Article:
• Janes AC, Pizzagalli DA, Richardt S, Frederick Bde B, Holmes AJ, Sousa J, Fava M, Evins AE, Kaufman MJ. Neural substrates of attentional bias for smoking-related cues: an FMRI study. Neuropsychopharmacology 2010; 35:2339-45. PubMed
  • Janes AC, Pizzagalli DA, Richardt S, Frederick BD, Chuzi S, Pachas G, Culhane MA, Holmes AJ, Fava M, Evins AE, Kaufman MJ. Brain Reactivity to Smoking Cues Prior to Smoking Cessation Predicts Ability to Maintain Tobacco Abstinence. Biol Psychiatry 2010; 67:722-9. PubMed
  • Davis LL, Wisniewski SR, Howland RH, Trivedi MH, Husain MM, Fava M, McGrath PJ, Balasubramani GK, Warden D, Rush AJ. Does comorbid substance use disorder impair recovery from major depression with SSRI treatment? An analysis of the STAR*D level one treatment outcomes. Drug Alcohol Depend 2010; 107:161-70. PubMed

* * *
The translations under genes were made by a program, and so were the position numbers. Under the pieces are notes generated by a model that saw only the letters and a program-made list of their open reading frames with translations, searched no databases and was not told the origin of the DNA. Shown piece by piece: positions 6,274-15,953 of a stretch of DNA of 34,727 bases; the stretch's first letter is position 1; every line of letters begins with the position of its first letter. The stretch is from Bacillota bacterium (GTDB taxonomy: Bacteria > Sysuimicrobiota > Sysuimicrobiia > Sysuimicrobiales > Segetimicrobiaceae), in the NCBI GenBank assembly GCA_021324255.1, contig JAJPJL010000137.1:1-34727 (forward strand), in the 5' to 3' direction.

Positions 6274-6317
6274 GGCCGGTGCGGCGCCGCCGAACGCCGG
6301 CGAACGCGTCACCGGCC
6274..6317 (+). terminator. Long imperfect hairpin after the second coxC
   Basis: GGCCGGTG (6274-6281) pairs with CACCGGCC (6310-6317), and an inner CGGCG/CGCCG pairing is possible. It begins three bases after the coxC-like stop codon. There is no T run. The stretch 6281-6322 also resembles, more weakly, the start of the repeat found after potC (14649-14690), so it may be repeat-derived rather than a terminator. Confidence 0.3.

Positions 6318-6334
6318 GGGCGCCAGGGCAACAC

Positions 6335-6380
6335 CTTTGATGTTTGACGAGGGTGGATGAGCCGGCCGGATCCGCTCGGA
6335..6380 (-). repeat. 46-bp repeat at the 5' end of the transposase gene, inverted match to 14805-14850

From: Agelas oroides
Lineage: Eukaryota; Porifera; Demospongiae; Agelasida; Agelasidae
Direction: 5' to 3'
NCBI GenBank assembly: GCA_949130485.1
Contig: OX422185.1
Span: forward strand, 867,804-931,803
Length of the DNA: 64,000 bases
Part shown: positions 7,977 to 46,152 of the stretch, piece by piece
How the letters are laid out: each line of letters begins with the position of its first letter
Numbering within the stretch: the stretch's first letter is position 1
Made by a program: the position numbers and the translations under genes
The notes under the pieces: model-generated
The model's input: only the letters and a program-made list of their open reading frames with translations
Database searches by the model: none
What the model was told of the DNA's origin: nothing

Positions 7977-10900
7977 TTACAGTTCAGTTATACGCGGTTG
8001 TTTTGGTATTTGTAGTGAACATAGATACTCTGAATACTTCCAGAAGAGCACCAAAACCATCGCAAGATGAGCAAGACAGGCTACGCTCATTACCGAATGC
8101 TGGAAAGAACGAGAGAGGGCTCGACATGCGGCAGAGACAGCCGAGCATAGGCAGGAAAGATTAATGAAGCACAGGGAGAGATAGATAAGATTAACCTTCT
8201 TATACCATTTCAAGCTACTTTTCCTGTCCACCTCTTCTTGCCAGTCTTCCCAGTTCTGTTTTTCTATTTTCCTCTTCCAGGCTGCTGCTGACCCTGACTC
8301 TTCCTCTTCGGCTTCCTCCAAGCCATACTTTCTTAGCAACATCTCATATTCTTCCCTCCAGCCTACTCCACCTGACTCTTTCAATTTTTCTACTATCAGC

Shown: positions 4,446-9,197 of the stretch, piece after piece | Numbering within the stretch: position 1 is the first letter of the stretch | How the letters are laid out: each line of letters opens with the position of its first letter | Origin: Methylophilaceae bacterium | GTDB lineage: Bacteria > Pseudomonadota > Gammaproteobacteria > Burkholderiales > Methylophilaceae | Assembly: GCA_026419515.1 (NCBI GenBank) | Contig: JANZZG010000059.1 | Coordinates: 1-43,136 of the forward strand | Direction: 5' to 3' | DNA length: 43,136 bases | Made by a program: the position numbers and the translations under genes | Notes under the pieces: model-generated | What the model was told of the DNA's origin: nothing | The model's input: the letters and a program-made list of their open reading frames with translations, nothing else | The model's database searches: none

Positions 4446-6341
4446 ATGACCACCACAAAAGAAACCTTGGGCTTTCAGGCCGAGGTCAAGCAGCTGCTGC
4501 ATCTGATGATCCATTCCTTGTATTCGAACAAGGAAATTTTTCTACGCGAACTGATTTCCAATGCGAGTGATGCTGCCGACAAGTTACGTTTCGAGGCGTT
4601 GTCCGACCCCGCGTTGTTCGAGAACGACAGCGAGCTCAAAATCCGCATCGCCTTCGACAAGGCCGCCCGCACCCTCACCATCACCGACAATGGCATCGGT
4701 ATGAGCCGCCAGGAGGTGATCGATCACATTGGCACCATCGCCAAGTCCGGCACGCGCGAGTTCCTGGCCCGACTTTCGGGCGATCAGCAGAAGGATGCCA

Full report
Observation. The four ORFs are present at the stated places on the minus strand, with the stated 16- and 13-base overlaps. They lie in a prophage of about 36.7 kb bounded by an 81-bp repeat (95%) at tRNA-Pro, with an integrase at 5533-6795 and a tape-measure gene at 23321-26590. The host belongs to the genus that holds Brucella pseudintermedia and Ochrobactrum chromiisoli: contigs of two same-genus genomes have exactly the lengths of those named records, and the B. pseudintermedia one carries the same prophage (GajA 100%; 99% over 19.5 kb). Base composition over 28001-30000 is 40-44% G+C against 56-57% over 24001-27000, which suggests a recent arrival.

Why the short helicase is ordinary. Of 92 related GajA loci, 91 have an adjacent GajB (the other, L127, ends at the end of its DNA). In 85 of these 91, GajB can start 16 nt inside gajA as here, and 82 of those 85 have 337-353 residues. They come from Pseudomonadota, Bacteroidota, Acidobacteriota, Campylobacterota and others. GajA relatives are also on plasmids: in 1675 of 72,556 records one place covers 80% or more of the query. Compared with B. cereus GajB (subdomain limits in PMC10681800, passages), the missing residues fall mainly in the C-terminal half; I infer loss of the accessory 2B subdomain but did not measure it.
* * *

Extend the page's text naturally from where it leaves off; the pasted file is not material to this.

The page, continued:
• Kim BW, Kennedy DN, Lehár J, Lee MJ, Blood AJ, Lee S, Perlis RH, Smoller JW, Morris R, Fava M, Breiter HC, . Recurrent, robust and scalable patterns underlie human approach and avoidance. PLoS ONE 2010; 5:e10613. PubMed
  • Janes AC, Frederick B, Richardt S, Burbridge C, Merlo-Pich E, Renshaw PF, Evins AE, Fava M, Kaufman MJ. Brain fMRI reactivity to smoking-related images before and during extended smoking abstinence. Exp Clin Psychopharmacol 2009; 17:365-73. PubMed
  • Kashner TM, Trivedi MH, Wicker A, Fava M, Shores-Wilson K, Wisniewski SR, Rush AJ. Release bias in accessing medical records in clinical trials: a STAR*D report. Int J Methods Psychiatr Res 2009; 18:147-58. PubMed
  • Park ER, Sylvia LG, Streck JM, Luberto CM, Stanton AM, Perez GK, Baim M, Bliss CC, Convery MS, Crute S, Denninger JW, Donelan K, Dossett ML, Fava M, Fredriksson S, Fricchione G, George N, Hall DL, Hart BR, Herman J, Hirschberg A, Holt D, Looby SE, Malloy L, Meek J, Mehta DH, Millstein RA, Mizrach H, Rosa K, Slawsby E, Stupinski AC, Traeger L, Vanderkruik R, Vogeli C, Wilhelm S. Launching a resiliency group program to assist frontline clinicians in meeting the challenges of the COVID-19 pandemic: Results of a hospital-based systems trial. Gen Hosp Psychiatry 2021; 68:111-112. PubMed